My starting point was neurocinematics and psychocinematics. New fields of research on cognitive function during movie viewing. Attention is an important subject here. Then I found a journal dedicated to animation and found some very interesting information on the nature of animation and links between Eastern philosophy and religion and Japanese anime animation. That was very interesting for me. This way I can combine the visuals of Virtual View with Zen mediation and Buddhism, which I have been practising for almost 20 years. I realize now that my forests experiences on which Virtual View are based are rooted in my meditation practice. This is also what I want to convey with this installation.

In the next part I’ll summarise my findings and explain how I will test them in the animations I will make for my next experiment.

Even though the book chapter by Carroll and Seeley (draft version) is about Hollywood cinema it shed light on some aspects of my research. Because I want the users of Virtual View to have a relaxing and restorative experience attention is very important. How do I keep my users softly fascinated? Hollywood films capture attention by giving the viewers only just enough information using stylistic conventions. They also use variable framing: different techniques like camera movements and zooms to direct our attention. The theatre design with the big screen and darkened surroundings helps to minimize cognitive load. My interpretation of these thoughts is that a certain amount of abstraction can heighten attention. As can “camera” movement. These are things to play with. The actual installation should be set up to avoid distractions.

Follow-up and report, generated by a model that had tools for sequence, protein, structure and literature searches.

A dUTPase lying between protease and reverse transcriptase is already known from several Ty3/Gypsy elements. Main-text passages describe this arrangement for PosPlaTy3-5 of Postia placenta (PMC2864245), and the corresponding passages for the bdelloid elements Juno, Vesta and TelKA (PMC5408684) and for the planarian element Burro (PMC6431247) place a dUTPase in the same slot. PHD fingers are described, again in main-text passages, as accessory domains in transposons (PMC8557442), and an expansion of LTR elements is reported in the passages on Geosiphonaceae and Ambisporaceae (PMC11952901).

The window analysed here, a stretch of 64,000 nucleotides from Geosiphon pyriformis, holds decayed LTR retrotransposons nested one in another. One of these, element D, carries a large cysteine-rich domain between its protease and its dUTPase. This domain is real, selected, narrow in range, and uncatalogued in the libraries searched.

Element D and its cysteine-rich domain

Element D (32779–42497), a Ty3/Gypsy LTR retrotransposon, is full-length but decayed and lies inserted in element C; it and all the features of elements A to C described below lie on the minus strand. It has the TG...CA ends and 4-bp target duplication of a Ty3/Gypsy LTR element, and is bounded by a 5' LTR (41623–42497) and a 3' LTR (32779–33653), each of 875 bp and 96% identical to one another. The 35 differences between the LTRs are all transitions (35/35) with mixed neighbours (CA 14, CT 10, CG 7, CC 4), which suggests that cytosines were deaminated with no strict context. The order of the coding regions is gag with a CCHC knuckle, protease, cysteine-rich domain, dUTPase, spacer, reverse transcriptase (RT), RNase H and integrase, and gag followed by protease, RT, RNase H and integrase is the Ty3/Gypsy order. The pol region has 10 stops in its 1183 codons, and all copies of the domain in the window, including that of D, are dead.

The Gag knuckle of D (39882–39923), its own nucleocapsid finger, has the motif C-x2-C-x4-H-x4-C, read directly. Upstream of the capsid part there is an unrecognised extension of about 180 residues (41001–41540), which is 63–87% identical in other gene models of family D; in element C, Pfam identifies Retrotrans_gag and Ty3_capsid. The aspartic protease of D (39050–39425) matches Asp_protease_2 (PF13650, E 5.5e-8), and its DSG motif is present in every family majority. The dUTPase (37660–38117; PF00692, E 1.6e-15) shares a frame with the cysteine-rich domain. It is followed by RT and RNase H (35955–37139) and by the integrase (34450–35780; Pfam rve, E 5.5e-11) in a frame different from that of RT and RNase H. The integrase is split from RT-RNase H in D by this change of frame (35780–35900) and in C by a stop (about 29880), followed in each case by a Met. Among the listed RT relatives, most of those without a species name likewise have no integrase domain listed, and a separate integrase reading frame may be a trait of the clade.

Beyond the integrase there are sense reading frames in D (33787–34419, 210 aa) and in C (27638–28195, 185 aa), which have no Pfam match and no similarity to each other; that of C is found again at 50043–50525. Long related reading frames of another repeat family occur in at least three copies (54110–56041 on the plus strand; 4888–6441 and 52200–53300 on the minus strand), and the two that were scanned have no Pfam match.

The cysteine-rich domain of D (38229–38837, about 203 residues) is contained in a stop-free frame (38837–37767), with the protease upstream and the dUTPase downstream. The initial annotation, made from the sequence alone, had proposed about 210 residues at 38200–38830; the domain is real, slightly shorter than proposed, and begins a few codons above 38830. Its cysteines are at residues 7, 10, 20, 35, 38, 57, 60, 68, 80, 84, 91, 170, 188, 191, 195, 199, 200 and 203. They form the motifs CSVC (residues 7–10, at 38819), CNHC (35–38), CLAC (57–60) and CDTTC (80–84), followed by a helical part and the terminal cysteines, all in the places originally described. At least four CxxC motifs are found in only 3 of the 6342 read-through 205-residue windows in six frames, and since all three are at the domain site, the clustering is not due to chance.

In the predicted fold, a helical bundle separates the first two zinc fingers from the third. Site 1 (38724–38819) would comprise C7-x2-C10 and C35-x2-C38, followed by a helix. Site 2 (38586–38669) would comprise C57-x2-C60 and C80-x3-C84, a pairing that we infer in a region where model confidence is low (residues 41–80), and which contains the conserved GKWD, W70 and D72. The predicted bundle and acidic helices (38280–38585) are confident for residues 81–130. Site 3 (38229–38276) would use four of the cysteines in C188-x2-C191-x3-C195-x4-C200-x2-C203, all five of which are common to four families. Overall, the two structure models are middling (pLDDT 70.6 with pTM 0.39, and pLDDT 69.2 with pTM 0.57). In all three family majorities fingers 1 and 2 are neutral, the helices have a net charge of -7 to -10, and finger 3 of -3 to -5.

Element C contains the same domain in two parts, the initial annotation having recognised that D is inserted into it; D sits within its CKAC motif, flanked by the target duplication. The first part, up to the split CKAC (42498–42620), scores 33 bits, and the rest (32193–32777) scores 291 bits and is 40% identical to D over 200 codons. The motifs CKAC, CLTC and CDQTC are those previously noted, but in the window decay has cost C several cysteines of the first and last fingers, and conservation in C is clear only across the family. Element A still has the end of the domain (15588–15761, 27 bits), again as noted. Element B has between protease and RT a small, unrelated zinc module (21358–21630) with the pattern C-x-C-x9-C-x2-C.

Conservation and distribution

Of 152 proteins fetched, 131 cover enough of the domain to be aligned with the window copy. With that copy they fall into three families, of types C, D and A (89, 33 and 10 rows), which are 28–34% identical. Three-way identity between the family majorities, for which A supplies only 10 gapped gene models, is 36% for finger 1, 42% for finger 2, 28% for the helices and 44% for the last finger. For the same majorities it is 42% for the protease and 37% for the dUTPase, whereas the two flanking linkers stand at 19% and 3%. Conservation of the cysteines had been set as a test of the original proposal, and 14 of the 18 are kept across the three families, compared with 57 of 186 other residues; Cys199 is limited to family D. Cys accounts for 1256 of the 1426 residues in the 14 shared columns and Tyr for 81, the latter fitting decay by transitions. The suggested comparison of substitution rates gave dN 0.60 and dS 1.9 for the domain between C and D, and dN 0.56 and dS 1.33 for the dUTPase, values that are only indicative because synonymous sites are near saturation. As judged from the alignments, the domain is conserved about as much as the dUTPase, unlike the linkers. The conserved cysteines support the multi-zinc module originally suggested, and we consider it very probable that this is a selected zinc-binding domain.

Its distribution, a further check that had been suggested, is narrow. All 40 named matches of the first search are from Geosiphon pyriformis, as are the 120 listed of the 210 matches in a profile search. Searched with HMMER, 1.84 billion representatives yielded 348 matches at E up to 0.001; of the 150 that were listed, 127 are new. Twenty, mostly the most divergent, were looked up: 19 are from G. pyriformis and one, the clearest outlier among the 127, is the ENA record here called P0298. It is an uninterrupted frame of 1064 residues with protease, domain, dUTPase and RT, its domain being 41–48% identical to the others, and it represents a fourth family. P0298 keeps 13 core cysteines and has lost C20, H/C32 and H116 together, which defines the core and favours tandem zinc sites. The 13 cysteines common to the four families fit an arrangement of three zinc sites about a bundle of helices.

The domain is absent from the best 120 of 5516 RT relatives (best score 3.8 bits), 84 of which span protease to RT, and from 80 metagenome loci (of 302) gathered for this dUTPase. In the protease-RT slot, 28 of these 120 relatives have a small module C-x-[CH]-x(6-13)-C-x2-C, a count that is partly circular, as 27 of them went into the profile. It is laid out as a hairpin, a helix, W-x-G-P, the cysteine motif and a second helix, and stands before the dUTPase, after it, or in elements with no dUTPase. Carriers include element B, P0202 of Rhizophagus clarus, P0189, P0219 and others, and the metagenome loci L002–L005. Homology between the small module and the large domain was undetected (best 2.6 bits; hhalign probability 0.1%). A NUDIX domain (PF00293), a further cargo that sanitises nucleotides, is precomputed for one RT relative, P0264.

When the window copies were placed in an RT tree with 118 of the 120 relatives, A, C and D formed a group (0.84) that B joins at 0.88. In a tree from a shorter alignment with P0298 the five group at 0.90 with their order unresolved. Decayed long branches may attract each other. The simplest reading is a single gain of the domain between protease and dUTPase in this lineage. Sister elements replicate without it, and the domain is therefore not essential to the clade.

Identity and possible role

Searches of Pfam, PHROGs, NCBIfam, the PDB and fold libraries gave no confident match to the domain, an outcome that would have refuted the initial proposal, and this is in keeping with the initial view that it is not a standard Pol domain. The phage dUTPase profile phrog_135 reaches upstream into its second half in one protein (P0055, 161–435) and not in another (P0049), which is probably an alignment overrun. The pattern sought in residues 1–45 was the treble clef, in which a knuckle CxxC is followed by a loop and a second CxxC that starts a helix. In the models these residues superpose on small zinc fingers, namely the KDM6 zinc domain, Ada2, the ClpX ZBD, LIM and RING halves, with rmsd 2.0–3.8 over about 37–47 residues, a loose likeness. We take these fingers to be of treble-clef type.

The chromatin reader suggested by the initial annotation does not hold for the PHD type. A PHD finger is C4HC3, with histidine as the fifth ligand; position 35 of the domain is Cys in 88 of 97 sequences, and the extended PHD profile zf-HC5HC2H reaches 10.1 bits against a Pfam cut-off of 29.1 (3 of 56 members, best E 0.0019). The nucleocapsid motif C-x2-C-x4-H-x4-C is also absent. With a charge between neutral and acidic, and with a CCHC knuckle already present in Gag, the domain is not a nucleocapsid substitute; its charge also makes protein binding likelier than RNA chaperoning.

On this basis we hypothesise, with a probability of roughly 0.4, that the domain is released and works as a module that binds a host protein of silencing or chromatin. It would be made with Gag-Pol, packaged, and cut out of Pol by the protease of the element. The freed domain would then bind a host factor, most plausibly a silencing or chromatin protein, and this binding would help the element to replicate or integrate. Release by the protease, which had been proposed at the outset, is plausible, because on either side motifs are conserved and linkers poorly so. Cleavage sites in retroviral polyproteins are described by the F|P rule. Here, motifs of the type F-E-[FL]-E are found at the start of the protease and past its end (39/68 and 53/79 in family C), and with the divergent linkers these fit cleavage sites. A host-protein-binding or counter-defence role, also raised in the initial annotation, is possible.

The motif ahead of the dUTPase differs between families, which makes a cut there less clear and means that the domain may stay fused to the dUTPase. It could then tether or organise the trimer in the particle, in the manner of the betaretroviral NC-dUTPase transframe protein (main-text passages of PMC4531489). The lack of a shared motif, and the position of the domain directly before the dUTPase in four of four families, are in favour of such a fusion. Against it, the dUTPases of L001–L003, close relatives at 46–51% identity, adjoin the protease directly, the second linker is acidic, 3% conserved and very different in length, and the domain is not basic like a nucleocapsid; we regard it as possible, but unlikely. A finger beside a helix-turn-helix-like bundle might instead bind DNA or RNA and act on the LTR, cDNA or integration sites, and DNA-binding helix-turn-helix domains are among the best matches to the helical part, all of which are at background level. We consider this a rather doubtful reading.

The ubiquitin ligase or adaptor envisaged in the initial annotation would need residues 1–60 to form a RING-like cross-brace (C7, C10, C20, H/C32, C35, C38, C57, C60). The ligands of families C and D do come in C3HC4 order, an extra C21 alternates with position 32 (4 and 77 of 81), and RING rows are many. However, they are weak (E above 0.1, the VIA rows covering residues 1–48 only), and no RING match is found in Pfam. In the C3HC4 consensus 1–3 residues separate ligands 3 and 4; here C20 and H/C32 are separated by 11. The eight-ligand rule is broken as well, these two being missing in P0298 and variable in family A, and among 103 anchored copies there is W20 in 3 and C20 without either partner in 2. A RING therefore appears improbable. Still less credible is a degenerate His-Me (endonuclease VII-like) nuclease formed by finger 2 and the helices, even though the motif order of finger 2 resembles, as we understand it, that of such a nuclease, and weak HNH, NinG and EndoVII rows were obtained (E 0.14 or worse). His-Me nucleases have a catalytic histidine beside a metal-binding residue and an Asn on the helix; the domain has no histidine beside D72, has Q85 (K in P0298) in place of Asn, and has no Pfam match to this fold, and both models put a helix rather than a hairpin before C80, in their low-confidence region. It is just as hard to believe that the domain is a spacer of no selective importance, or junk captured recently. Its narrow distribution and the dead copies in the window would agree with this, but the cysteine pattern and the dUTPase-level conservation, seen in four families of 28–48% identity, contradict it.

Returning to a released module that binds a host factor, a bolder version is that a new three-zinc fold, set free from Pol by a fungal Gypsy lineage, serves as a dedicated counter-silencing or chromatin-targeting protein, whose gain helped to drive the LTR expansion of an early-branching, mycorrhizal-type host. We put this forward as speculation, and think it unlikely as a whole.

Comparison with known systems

What interested me in the article by Torre is that animation can be expressive of itself. Motion can be transferred from one object to another to create surprising results and again, capture attention. As animation can be layered movement and transformation will have a cumulative effect and make anything possible in the way the impossible is possible in dreams. It will be nice to experiment with non-realistic events in the Virtual View animation.

The articles by Chow were a real revelation to me. His ideas of types of liveliness and holistic animacy fit perfectly with what I had in mind with Virtual View and what should be happening on the screen. For him primary liveliness is goal oriented and can been seen in for example Disney animations where a character causes all kinds of events. Secondary liveliness is unintentional and emergent. The sort of movement that can be seen in nature: the swarming of birds, waving of trees but also growth and shape changing. Where primary liveliness focuses our attention, secondary liveliness dilutes it, capturing our attention in a soft way. For Chow this wonder is linked to the ideas of Daoism and the concept of kami in Shintoism. They both promote respect for and connection with nature. He explains liveliness in computer graphics. Techniques like morphing, looping and Boids are good representatives of secondary liveliness. The eastern animation style called anime is also has good examples of this kind of liveliness. He shows some very nice examples of computer animation: